Research presented at the ASH 2017 Annual Meeting & Exposition highlighted how costs for autologous stem cell transplantation have decreased over the past decade.
“Multiple myeloma (MM) treatment facility volume, an indirect measure of treating physician experience with the disease, has been shown to affect mortality,” Yuzhou Liu, MD, of the department of medicine at the Ichan School of Medicine Mount Sinai St Luke’s-Roosevelt Hospital, and colleagues wrote in an abstract of their presentation. “Since MM is commonly treated with autologous stem cell transplantation, we set out to explore if annual facility volume of autologous stem cell transplantation had an impact on survival outcomes.”
The researchers conducted a review of the a nationally representative sample of discharges from US hospitals for autologous stem cell transplantation ICD-9 codes between 2005 and 2014. They identified 8183 patients in the database, which represented a national cohort of 39,971 admissions for autologous stem cell transplantation for multiple myeloma. In order to evaluate cost trends over the study period, they used trend analysis of hospital mortality and hospitalization expenditures. Additionally, they used statistical analysis methods to determine volume to cost and hospital to cost relationships—adjusted for inflation and length of stay.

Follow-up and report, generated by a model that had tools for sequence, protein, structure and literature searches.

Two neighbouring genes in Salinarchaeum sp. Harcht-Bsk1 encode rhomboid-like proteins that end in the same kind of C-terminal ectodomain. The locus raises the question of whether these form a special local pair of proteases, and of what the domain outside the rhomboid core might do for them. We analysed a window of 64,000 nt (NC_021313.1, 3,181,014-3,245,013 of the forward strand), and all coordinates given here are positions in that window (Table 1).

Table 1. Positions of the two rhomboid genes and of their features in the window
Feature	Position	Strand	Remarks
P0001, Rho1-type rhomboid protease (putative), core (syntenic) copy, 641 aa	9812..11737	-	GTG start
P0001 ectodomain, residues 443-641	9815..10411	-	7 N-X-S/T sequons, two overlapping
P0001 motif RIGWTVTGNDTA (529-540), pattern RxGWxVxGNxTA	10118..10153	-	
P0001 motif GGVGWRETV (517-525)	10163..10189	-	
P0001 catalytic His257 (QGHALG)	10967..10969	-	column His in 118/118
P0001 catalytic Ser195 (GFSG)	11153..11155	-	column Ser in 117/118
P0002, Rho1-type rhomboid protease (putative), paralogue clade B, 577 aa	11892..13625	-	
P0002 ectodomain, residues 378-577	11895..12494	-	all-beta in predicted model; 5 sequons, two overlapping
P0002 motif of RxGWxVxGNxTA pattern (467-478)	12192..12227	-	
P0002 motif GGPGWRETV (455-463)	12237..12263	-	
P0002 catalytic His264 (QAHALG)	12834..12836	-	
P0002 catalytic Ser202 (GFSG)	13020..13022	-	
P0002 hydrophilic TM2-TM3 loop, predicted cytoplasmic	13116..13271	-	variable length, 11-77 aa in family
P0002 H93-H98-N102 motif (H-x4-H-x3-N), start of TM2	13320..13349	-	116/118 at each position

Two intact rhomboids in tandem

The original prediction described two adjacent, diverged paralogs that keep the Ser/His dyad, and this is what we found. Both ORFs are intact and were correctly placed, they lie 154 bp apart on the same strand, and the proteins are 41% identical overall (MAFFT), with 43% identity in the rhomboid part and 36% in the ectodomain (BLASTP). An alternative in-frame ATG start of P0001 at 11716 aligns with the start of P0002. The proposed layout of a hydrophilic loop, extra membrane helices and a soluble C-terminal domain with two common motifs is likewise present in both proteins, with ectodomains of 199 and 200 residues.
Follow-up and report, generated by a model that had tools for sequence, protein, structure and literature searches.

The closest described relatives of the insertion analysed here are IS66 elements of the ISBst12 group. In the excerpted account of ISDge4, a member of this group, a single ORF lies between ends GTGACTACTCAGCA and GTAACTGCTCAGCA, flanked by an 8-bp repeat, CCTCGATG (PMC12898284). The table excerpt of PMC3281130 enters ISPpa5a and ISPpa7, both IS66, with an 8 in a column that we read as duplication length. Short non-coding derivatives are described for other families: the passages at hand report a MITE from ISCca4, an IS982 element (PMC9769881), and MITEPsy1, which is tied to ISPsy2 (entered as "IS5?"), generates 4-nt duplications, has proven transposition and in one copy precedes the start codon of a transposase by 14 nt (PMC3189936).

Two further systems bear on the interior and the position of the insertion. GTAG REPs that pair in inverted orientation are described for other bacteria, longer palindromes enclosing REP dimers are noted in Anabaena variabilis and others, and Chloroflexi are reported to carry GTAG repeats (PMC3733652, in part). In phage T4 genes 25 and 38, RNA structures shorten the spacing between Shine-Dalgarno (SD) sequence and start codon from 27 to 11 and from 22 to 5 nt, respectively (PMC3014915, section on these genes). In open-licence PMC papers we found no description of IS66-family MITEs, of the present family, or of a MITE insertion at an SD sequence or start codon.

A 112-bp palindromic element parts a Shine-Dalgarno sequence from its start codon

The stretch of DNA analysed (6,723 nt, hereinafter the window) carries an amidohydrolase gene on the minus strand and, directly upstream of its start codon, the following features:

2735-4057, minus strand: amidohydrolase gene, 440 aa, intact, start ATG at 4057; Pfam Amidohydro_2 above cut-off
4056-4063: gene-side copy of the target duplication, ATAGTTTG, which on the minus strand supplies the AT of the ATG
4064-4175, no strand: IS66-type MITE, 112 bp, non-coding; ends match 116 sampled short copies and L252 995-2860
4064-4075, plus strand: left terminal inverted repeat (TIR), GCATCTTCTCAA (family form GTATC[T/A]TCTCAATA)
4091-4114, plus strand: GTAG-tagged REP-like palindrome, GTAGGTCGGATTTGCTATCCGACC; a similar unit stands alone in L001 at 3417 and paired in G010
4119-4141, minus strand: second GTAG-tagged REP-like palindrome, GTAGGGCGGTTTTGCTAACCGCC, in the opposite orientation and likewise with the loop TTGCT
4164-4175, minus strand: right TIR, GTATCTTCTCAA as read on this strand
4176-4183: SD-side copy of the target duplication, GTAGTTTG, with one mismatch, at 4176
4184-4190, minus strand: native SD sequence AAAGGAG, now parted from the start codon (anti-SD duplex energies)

Study results showed that in-hospital mortality decreased from 3% in 2004 to less than 1% in 2014, with unadjusted mortality ranging from 0.37% to 2.52% depending on hospital volume.
They determined that the overall cost of autologous stem cell transplantation reduced over the study period, even after accounting for inflation. Costs did not vary between hospital volume levels; however, prices at private hospitals were lower than at public hospitals.
“Mortality and inflation-adjusted costs for autologous stem cell transplantation for MM have gone down over the past decade,” Dr Liu concluded. “Analysis of the database reveals significant nationwide differences in costs and mortality risk for MM patients undergoing autologous stem cell transplantation.” —David Costill